They build on what they think they have to achieve as a division or department, what they think the goals should say. The majority thinks: "I define my goals myself, present them to my superior and see what he says about them". They usually have a rough orientation and actually operate a kind of expectation management by reformulating the assumed expectations as a starting point for themselves. But this experience that strategies are really broken down, this experience is not that common. My experience is that leadership based on strategies actually only works if those who also have to implement strategies, the key players, are involved in the strategy process. For the following reason: If a strategy is only "communicated" from the upper level and you can only ask a few questions to people at the next level, all the problems and doubts that you have with regard to its correctness and implementation options are not dealt with . Then at most they can believe the strategy. In order to be convinced of something, people first have to penetrate the content and really work on their questions. Only in this way can they make the strategy their own, "appropriate" it themselves. This is exactly what most companies do not do. For this reason I have started to develop a form for the levels below the board of directors, the division and department heads, through which they can really make strategies usable as a management tool. By management instrument I mean in this context that they consciously use the examination of the strategy in order to create orientation, shared convictions, enthusiasm and commitment, to establish a common direction and thus to fill the whole thing with life.
And what did you mean by "different understandings of strategy"
The board of directors is asked to say how they believe the company can be successful in the future. With what he believes, he then approaches the employees and communicates the corporate strategy to them. But if you ask the employees about the communicated strategy a few weeks later, they ask exactly the same questions again. What was communicated by the board members was either communicated in a form that made no sense to the audience or the information that was given there was not the information that the employees needed. So what I observe in many companies is that employees keep asking: what is our strategy now, what is the future direction of the company, what are the priorities? Will everything stay the same as before or what changes are in store for us now that may also affect me? You believe that when you recognize an overarching strategy, such as a growth strategy, you also know whether your own job is at risk or not. If, for example, more is to be produced abroad, the conclusion is: Our production site may be at risk. All these questions and fears are, so to speak, what drives employees to ask what the strategy is.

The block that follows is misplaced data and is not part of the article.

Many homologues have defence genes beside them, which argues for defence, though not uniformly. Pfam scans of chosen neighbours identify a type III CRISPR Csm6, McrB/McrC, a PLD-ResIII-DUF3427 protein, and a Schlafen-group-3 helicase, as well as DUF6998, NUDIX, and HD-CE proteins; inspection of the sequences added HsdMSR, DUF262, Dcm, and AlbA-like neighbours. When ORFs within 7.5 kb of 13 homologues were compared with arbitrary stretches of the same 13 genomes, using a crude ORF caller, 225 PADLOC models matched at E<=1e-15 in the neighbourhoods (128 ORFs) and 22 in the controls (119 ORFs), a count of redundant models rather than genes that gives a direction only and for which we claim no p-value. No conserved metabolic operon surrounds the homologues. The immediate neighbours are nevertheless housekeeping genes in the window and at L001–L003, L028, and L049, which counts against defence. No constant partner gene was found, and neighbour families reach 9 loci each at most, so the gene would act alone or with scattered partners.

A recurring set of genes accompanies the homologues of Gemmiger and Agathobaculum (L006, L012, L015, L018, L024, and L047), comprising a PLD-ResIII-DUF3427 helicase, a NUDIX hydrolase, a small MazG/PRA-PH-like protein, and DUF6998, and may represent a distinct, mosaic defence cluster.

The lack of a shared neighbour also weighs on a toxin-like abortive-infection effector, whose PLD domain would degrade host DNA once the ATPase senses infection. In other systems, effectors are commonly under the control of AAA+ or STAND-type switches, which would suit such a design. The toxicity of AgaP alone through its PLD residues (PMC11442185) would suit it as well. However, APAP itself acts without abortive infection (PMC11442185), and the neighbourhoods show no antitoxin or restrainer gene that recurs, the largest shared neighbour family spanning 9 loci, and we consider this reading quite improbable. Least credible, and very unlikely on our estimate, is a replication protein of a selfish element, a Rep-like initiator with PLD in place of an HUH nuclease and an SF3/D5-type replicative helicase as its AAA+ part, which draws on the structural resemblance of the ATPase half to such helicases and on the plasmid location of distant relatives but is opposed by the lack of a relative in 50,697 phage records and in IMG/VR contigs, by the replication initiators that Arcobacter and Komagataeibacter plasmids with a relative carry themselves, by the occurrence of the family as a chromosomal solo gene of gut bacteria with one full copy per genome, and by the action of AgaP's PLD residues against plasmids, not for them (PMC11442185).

And with different understandings, do you mean that the strategy from above is on a level that is too abstract and that the employees cannot put an end to their own area and workplace?
When board members think in the direction of competition, in the direction of market shares and growth, there are usually investment considerations behind them and such strategies are usually very number-oriented. This is important for someone who makes investment decisions and therefore needs to know whether a business case will pay off or not, but that is the world of numbers. But other things are important for employees. For them it is important: What does this mean for our form of cooperation? Will the new production line be made here or in China? Then it says: "We still have to look. We will do it where it is most convenient for us." This opens up the whole space of possibilities, that could be Turkey, but that could also be Germany, because one comes to the conclusion, for example, that the necessary know-how is more likely to be available in Germany. It is actually the case that everything has not yet been thought through down to the last detail. That's what management is there for, too, to develop ideas for such problems or challenges. These are then steps two, three, four, which top management has not yet penetrated at this point.